My nephew is 3 and weighs around 30 pounds I am guessing. However, I would like to weigh him at home. I have kitchen scales, one flat one that goes up 1kg and one that looks like this picture that goes up to 5kg. enter image description here

What is a safe and practical way I can weigh my nephew at home?

closed as off-topic by ACuriousMind, Kyle Kanos, tpg2114, Bernhard, Jim Sep 1 '14 at 19:31

This question appears to be off-topic. The users who voted to close gave this specific reason:

  • "This question appears to be about engineering, which is the application of scientific knowledge to construct a solution to solve a specific problem. As such, it is off topic for this site, which deals with the science, whether theoretical or experimental, of how the natural world works. For more information, see this meta post." – ACuriousMind, Kyle Kanos, tpg2114, Bernhard, Jim
If this question can be reworded to fit the rules in the help center, please edit the question.

  • 1
    have a bathroom scale? – Jim Sep 1 '14 at 19:12
  • If so, weigh yourself without him. Then weigh yourself holding him. Subtract the two numbers – Jim Sep 1 '14 at 19:13
  • 1
    related: physics.stackexchange.com/q/70839/23473 – Jim Sep 1 '14 at 19:15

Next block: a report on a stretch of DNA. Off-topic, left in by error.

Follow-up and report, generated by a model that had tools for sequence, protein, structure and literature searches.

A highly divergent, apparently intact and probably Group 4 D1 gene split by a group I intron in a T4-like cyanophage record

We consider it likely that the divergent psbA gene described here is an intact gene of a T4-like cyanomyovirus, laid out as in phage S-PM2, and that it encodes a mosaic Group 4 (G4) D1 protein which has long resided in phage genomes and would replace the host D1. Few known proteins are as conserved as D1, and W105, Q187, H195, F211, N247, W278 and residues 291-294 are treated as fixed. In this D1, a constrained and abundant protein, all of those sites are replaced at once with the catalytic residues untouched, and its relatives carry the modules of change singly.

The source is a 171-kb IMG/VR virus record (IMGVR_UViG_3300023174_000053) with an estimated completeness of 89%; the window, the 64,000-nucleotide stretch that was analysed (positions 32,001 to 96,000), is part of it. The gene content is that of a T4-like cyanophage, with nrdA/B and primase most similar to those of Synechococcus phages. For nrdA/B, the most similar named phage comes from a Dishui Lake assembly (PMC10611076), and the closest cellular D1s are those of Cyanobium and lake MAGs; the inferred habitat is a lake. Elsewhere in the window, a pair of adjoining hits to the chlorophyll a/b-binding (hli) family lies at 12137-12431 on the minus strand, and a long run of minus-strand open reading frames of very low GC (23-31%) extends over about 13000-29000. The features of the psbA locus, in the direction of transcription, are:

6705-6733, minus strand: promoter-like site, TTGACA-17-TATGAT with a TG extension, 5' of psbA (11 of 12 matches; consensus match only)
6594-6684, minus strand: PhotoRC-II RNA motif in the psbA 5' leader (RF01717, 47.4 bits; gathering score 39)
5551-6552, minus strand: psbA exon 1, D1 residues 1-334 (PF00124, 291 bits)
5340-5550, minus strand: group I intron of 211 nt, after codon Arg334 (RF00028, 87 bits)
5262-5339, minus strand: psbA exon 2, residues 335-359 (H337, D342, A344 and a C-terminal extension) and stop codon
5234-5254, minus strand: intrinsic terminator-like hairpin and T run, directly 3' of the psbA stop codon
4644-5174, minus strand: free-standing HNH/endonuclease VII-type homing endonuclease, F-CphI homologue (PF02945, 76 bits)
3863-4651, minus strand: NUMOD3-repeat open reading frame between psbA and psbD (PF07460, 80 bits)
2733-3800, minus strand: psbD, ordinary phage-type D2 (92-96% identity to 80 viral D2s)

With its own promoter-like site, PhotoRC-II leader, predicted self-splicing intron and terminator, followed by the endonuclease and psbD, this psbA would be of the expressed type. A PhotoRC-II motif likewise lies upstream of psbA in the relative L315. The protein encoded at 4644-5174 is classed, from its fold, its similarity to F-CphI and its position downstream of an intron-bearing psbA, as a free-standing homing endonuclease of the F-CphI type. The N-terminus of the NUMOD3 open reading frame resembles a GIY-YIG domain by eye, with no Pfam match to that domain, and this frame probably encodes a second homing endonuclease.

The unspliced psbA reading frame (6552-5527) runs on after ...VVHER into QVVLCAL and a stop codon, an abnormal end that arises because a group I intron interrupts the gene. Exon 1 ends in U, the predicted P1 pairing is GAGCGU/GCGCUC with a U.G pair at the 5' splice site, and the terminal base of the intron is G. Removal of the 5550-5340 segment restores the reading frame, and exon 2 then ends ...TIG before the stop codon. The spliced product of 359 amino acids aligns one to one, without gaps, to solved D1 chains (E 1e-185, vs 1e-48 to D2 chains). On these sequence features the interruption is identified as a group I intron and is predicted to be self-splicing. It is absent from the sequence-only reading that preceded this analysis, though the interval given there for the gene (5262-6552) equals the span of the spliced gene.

• 3
    Take a strong piece of wood and a piece of PVC pipe underneath. Use your scales to fill a water bucket to 5 kg. Put nephew on one end, bucket on the other. Roll the piece of wood along the ground (using the PVC pipe as a "wheel") until the system is balanced. The ratio of distances multiplied by the weight of the bucket is the weight of the nephew. Measuring these distances accurately now becomes the main source of inaccuracy. The longer the piece of wood, the greater the accuracy. – Floris Sep 1 '14 at 19:54
  • 3
    The obvious method is of course to divide your nephew into small enough pieces that you can weigh each of them on the 5 kg scale and then sum the weights. Due to health reasons, I normally wouldn't recommend this method, but maybe it's ok since you mention that you're not attached to him. – jkej Sep 1 '14 at 20:01
up vote 5 down vote accepted

I can think of two simple ways.

Lever

The first would be to eschew the scale altogether and build a rudimentary scale with a stick and a pivot, and balance out your nephew's weight with a bunch of water in some buckets, or 2L bottles. Knowing the density of water, you could equate the weight of your nephew to a volume of water. If you are interested in correcting for the weight of the buckets, you could weigh those using your available scales. Or you could use a collection of solid objects and weigh these in turn on your existing scales.

In the same spirit, with access to stick and pivot technology, along with a measuring stick, you could just make the lever arm on the side opposite your nephew a factor of 6 times longer (7 to be safe), and then find some objects around the house to balance out this rudimentary scale. That collection of objects (or water again) could be measured on your existing scales. Knowing this mass, and the ratio of the lever arms on the two sides of the scale, you'll get a weight for your nephew.